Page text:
KENT — Michigan marijuana is making measurable strides in epilepsy research, giving a better quality of life to those suffering from seizures, and is foundational for a thriving holistic healing company in Grand Haven.
FOX 17 dives into this topic of pot after hearing about Rebecca Neil’s relationship with marijuana and how it has given her new life. Neil, a mother of three and owner of Paradigm Wellness, a holistic approach to healthcare using Eastern and Western medicine, says she’s been consuming marijuana ever since her diagnosis of frontal lobe epilepsy.
“It’s my normalcy, and I want my kids to understand that’s my normalcy,” Neil said.
Responsibility is Neil’s main focus when explaining her marijuana use to her children. She suffers from chronic seizures, roughly 12 per day, and says cannabis has cut her seizures and medical bills in half.
“This right here," she notes, holding up a tincture of medical marijuana, "is $30. My seizure medication costs anywhere from $700 to $1300 per month."
FOX 17 witnessed one of her seizures on camera. Neil excused herself from the interview, folded over in her chair, and held her arm until the seizure passed.
“It’s just completely involuntary,” Neil said. “I can’t keep my body upright. It’s like gravity is pulling me down.”
It’s because of these seizures Neil that has radically changed her lifestyle. In addition to using marijuana medically, she’s also a well-known voice breaking stigmas surrounding recreational marijuana use, advocating for a better quality of life through alternative health practices and marijuana consumption.
“I'm trying to get people to recognize that health comes from your daily lifestyle,” said Neil. “And if you can implement more healthy routines, I think, the better off you are.”
There are currently 3.4 million people in the U.S. living with epilepsy, more than 100,000 of them are in Michigan. So, to find out if marijuana is a good idea for people living with epilepsy, we reached out to the chief of epilepsy at Spectrum Health and representative with the Epilepsy Foundation of Michigan, Dr. David Burdette.
“Epilepsy is a brain disorder that is characterized by overactivity of nerve cells or neurons, and that overactivity manifests as seizures,” Dr. Burdette said. “So, when I think of marijuana, and specifically, shall we say ‘medical marijuana,' I think of the two primary cannabinoids in the cannabis plant and those are delta-9-detrahydrocannabinol or THC, and that is the psychoactive substance that basically gives marijuana its street value. And when it comes to epilepsy, THC has no significant demonstrably beneficial effect on seizures. The second most prevalent cannabinoid is CBD or cannabidiol, and cannabidiol has good science behind it to say that this is a legitimate anti-seizure substance.”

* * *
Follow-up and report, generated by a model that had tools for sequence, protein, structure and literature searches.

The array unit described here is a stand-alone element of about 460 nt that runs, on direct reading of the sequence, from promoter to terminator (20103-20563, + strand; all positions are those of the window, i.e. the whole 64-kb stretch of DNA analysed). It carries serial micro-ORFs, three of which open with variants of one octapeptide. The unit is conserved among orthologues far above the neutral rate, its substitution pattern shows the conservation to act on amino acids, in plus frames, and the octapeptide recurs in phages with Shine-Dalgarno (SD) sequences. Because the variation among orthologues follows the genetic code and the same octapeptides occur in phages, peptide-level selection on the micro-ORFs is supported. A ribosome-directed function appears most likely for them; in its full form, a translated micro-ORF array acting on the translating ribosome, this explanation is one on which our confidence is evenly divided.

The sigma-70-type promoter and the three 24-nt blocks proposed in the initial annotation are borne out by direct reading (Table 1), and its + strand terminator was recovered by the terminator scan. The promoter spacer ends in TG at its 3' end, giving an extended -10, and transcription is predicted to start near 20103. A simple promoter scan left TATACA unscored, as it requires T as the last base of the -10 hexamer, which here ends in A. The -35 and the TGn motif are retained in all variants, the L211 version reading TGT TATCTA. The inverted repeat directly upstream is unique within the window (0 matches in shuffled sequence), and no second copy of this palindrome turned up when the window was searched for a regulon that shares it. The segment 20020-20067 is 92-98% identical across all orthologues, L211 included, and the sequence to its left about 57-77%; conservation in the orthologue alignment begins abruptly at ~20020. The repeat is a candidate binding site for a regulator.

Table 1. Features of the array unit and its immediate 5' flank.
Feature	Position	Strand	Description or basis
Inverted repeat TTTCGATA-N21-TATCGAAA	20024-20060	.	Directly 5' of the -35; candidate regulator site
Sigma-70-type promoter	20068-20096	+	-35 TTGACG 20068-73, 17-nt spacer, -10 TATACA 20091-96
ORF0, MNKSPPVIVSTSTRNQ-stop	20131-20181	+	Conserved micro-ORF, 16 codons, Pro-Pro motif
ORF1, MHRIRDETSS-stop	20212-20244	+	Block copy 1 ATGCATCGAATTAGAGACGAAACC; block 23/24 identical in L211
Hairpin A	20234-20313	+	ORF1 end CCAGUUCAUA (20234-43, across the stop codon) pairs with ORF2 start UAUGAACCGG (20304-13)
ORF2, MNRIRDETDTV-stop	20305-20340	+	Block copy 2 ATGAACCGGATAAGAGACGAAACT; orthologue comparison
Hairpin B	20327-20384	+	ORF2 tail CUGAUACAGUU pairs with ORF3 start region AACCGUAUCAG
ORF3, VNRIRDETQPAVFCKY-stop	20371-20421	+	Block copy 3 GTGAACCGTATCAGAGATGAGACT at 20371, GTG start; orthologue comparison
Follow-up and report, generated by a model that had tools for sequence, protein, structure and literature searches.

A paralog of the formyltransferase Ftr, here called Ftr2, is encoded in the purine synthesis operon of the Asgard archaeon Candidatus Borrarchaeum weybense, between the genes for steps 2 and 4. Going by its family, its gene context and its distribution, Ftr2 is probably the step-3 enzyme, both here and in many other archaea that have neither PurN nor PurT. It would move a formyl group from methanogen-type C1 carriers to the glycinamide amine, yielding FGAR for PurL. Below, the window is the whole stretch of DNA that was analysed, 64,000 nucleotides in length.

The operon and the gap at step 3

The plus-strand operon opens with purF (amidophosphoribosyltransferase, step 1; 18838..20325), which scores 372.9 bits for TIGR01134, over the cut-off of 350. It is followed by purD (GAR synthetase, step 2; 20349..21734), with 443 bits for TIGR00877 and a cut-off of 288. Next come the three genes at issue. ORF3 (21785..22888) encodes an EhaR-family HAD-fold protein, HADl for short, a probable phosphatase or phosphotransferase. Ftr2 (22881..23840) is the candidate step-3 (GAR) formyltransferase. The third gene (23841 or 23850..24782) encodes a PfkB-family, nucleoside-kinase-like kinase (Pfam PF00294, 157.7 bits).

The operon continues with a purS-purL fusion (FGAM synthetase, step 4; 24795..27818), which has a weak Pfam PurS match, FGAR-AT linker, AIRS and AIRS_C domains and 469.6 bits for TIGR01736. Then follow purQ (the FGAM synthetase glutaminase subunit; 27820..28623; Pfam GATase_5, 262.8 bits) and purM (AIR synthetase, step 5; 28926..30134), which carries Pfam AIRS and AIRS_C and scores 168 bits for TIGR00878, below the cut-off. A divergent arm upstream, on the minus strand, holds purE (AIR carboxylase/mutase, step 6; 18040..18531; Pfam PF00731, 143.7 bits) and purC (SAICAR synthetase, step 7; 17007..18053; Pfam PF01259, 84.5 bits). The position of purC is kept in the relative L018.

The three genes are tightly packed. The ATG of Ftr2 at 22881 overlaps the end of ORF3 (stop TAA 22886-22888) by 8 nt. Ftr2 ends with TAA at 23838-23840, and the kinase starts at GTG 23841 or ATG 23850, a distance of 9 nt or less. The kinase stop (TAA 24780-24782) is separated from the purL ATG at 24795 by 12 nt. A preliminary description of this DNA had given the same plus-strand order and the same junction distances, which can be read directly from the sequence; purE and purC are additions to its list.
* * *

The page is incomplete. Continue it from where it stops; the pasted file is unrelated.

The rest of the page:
Dr. Burdette has been spearheading epilepsy research for 30 years and says marijuana research has continued to grow with its decriminalization and legalization. He noted that epilepsy is different for everyone who suffers from the illness and says what may work for one person might not work for another patient, which is why it’s important to work with a doctor to find the best individual remedy.
“So, we want to ultimately treat someone to the degree that they are now seizure-free, but also to balance that with the potential side-effects or adverse effects of our medications,” said Dr. Burdette. “We have a plethora of medications, treatments, implantable devices for the treatment of epilepsy. And, as we mentioned earlier, every patient with epilepsy is unique. So we need to match that treatment with the appropriate patient.”
He went on to say if marijuana gives a patient a better quality of life they wouldn’t otherwise have without it, then, by all means, use cannabis. However, from a medical standpoint, dosing it properly can be the tricky part and is vital to the scientific process when documenting what works and what doesn’t, especially since the end goal is finding what mitigates epileptic seizures.
As for Rebecca Neil, she’s now sharing her story to help others find the same quality of life she has found since incorporating marijuana into her medical regimen. Her debilitating diagnosis has driven her to open up her own business from the comfort of her lakefront home in Grand Haven.
Paradigm Wellness is located at 1644 Franklin Avenue, offering medical massage, float therapy, paddle-boardingm and kayaking excursions, plus -- coming soon -- acupuncture and a medical marijuana provisioning center.
“I'm not trying to give myself a plug, but I do offer a monthly education on marijuana,” Neil said. “This month, we're doing it on labels. Last month, it was on dosing. It's called Conscious Cannabis Consumers.”
Neil is an advocate for responsible recreation use of marijuana and says, given the legalization of marijuana in Michigan, now is the time to revisit the plant that’s surrounded by historical stigma.
“My consumption of it as an adult shouldn't be any different than someone's consumption of alcohol, especially because I see medical value in it,” Neil said. “I encourage others to try it again. It doesn’t have to be even utilizing the psychoactive ingredients. It’s really about exploring and experimenting what this plant has to offer.”